RUSSIAN NAVAL CHIEF HOLDS TALKS IN CHINA.
Publication: Monitor Volume: 5 Issue: 103
The commander in chief of the Russian Navy, Admiral Vladimir Kuroyedov, completed a visit to China earlier this week during which the major topic of discussion appeared to be the conflict in the Balkans. In addition to meeting his opposite number, Vice Admiral Shi Yongsheng, Kuroyedov held talks during his stay with Chinese Defense Minister Chi Haotian and with the chief of the Chinese army’s General Staff, Fu Quanyou.
The two sides spoke during Kuroyedov’s visit of the need to further expand military cooperation, particularly between the Russian and Chinese navies. But the emphasis of the talks appeared clearly to be on Yugoslavia. Chinese officials were quoted as thanking Russia for its support following NATO’s accidental attack on the Chinese embassy in Belgrade. Both Kuroyedov and his Chinese hosts indicated that the two countries would step up their joint consultations on the Balkans crisis. They also reiterated their joint support for the creation of a “multipolar” international system–that is, one not dominated by the United States and NATO (Russian agencies, Xinhua, May 24-25).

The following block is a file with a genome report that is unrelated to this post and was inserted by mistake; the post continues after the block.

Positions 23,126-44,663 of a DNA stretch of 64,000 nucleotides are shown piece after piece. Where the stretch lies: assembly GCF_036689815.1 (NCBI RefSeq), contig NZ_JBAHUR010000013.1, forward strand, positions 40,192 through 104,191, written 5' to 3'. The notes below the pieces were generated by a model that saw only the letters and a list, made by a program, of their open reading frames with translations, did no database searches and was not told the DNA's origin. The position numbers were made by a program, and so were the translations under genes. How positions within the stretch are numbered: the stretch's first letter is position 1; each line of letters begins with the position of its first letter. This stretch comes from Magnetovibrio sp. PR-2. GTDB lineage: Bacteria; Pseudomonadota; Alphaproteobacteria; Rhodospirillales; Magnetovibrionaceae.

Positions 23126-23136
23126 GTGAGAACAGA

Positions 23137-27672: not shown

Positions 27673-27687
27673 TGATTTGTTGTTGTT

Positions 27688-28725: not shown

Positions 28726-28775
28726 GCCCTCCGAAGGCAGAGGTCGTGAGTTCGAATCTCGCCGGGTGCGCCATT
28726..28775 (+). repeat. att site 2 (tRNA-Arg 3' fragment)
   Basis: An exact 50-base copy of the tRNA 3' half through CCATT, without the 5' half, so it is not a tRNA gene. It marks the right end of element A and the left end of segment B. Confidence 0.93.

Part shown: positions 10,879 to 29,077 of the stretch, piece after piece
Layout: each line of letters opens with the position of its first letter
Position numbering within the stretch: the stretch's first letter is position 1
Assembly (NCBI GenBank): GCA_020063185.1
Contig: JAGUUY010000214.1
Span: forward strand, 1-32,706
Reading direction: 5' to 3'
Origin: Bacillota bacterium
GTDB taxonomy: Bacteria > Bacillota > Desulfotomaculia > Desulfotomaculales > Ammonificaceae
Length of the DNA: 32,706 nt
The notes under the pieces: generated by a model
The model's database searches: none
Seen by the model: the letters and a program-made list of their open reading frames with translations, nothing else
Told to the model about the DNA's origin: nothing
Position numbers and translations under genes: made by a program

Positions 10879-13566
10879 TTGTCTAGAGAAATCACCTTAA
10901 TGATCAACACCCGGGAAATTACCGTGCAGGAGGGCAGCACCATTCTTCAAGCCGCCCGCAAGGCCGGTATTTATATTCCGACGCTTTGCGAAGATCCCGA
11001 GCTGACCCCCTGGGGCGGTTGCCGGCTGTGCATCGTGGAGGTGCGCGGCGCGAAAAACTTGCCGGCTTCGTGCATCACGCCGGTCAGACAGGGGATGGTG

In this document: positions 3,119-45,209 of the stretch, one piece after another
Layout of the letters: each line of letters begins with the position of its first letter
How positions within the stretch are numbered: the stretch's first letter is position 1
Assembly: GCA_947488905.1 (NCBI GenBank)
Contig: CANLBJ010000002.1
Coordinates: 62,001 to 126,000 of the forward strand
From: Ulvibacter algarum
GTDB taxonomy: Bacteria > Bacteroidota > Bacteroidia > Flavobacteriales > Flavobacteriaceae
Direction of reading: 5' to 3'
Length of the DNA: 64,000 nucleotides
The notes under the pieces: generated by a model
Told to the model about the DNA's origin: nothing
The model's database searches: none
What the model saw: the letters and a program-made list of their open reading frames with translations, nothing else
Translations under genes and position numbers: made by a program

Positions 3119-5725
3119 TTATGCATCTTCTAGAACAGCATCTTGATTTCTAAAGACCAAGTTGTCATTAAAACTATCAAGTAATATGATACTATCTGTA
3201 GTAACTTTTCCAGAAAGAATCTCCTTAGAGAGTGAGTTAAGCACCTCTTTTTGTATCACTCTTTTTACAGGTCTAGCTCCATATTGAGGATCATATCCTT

In the immediate aftermath of the Chinese embassy bombing on May 7, Russia’s special Balkans envoy Viktor Chernomyrdin traveled to Beijing for consultations with Chinese leaders. Although Russia has continued to claim that it backs a peace plan drafted on May 6 by representatives of Russia and the Group of Seven countries, Moscow has appeared since then to align itself with China’s more hardline position. Beijing has demanded an immediate end to NATO’s air campaign against Yugoslavia and has warned that it will not allow the UN Security Council to discuss a Kosovo peace settlement until the air campaign is terminated.
Russian Foreign Minister Igor Ivanov is scheduled to arrive in Beijing for a three-day visit beginning on June 1. Not surprisingly, reports say that the talks are expected to focus on Yugoslavia, and on Beijing’s calls for an early stop to the NATO bombing campaign (Kyodo, May 25).
SOCIAL TENSION IN RUSSIAN-SETTLED PART OF ESTONIA.